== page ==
On this episode of TWiP, the old gang catches up to chat about new gear and carry around cameras, Microsoft visits Adobe, and Derrick shares his thoughts on his recent trip to Photokina.
Hosts: Frederick Van Johnson, Steve Simon, Ron Brinkmann, & Derrick Story
NEWS & DISCUSSION
Ron, Steve and Derrick are back after being away for a few weeks and chat about what they’ve been up to. Derrick was at Photokina and Oktoberfest and loved every minute of it. The guys also chat about some recent gear that they’ve been either playing with or lusting after including the new X1 from Leica, the D7000 from Nikon, and a new camera from Fuji called the FinePix X100. With all of the announcements coming out of Photokina, the guys also discuss what camera they use as their day-to-day carry around camera when they are not out shooting with their full set of gear. One thing that Frederick thinks is important is that you should always try to have a camera with you as you’ll never know what great shots you’ll get. Ron commented that what’s not an interesting photo yesterday can become extremely interesting 20 years later. He was going through some old photos the other day and ran across one of his little brother and him on the couch and it brought back memories of his old couch. Steve mentions the site www.awkwardfamilyphotos.com which often features embarrassing examples of these old family photos and points out that they are going to be making a television sitcom from it.
Microsoft Visits Adobe
Microsoft CEO Steve Ballmer and his team visited the headquarters of Adobe this week but little if any information about their meeting was announced. Most speculate that the meeting had something to do with Microsoft and Adobe working together on mobile and cloud based initiatives. The guys discuss what this meeting might have been about and what it might mean for the future of Adobe products on the Apple platform. Derrick feels that the Apple market is too valuable to Adobe and points to the recent release of Mac versions of Adobe Elements and Premiere Elements. Ron would like to see some of Microsoft’s photo technologies finding their way into Adobe’s products. Steve does think that Microsoft does have some amazing technologies for photography and thinks a relationship with Adobe could help to bring some of these things to the consumer. Fred still has the anti-Microsoft gene in his blood and doesn’t want to see them taking over the Adobe products and ruining them. Fred would much rather see Apple take over Adobe and bring them into the fold.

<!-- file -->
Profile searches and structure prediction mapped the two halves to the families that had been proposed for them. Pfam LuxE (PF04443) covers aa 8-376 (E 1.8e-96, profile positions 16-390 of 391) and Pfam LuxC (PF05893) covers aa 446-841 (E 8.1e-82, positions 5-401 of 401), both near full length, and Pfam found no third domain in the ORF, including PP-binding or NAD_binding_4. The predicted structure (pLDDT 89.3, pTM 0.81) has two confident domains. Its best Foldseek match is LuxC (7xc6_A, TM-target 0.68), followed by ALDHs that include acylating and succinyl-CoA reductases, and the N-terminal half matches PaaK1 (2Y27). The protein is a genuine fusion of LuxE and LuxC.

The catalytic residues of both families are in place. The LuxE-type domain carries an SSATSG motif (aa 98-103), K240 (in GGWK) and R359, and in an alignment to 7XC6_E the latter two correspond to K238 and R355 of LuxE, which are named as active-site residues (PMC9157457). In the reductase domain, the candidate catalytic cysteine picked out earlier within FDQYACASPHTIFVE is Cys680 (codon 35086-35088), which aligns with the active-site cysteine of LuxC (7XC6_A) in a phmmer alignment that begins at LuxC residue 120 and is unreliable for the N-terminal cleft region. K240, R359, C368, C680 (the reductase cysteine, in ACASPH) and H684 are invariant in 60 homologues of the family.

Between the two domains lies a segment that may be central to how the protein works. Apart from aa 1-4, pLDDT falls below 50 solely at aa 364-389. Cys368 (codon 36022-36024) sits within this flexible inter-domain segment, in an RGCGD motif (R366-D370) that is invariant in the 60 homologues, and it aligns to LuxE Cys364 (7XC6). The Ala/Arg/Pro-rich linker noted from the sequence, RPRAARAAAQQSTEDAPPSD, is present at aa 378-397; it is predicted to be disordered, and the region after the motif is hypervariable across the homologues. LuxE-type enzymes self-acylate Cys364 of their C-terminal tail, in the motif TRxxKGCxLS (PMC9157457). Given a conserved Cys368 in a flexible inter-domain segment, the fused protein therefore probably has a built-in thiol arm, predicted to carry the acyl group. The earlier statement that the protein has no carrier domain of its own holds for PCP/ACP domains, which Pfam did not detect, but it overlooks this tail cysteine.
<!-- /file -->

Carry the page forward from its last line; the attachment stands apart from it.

Derrick Story Visits Photokina
Derrick was recently at Photokina in Germany and one thing that jumped out at him was some of the differences between shows in the US and this one in Germany. The most popular aisle was the photo backpacks and he was so excited by the enthusiasm of all the photographers who were in attendance. He thinks that it would be a great trip for any photographer to do at least once and you could tie it with a visit to Oktoberfest. Derrick thought Germany was a great place to hang out, it had great transportation, great food, and it was a fun European experience.
QUESTION #1: Nathalie writes: As I make the transition from hobbyist to professional photographer, I’m realizing that I don’t know nearly enough about color management, and I’m willing to bet that a lot of other people in my boat don’t either! I would love to see this topic covered on the show. Here are three big questions I have: 1. What is the best/easiest way to calibrate my monitor? 2. I have heard that in terms of color-calibration, it is much better to work from a desktop than a laptop, because the colors are more stable. Is this true, and how important is it? 3. How/ where could I learn more about the basics of color management and calibration? Can you recommend a good website or book?
Derrick: I really like Colorimeters like the Spyder to create an ICC profile. Then you can have more confidence in your output that it will match to the printed output.
Ron: As far as the laptop vs. desktop and stability I don’t think there is a big difference. You might find some higher quality on an LCD monitor. I think the big thing to think about is the final printed output and adjust based on the different mediums. If you’re sending your printing out, start with a few small prints to establish a baseline and once you’re comfortable with the output then you can move on to larger prints.
Steve: I have the Color Munki as my calibration device but I don’t do a lot of printing these days. Some of that color noise that you’ll see on your monitor won’t show up when you print.
Derrick: I think keeping it simple is the best way to go when you’re starting out.
PICKS OF THE WEEK
We’re re-thinking the photo missions after the incredible response we received around the camera mugs giveaway from a couple of weeks ago. Stay tuned and we’ll announce more details soon.
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Producer: Suzanne Llewellyn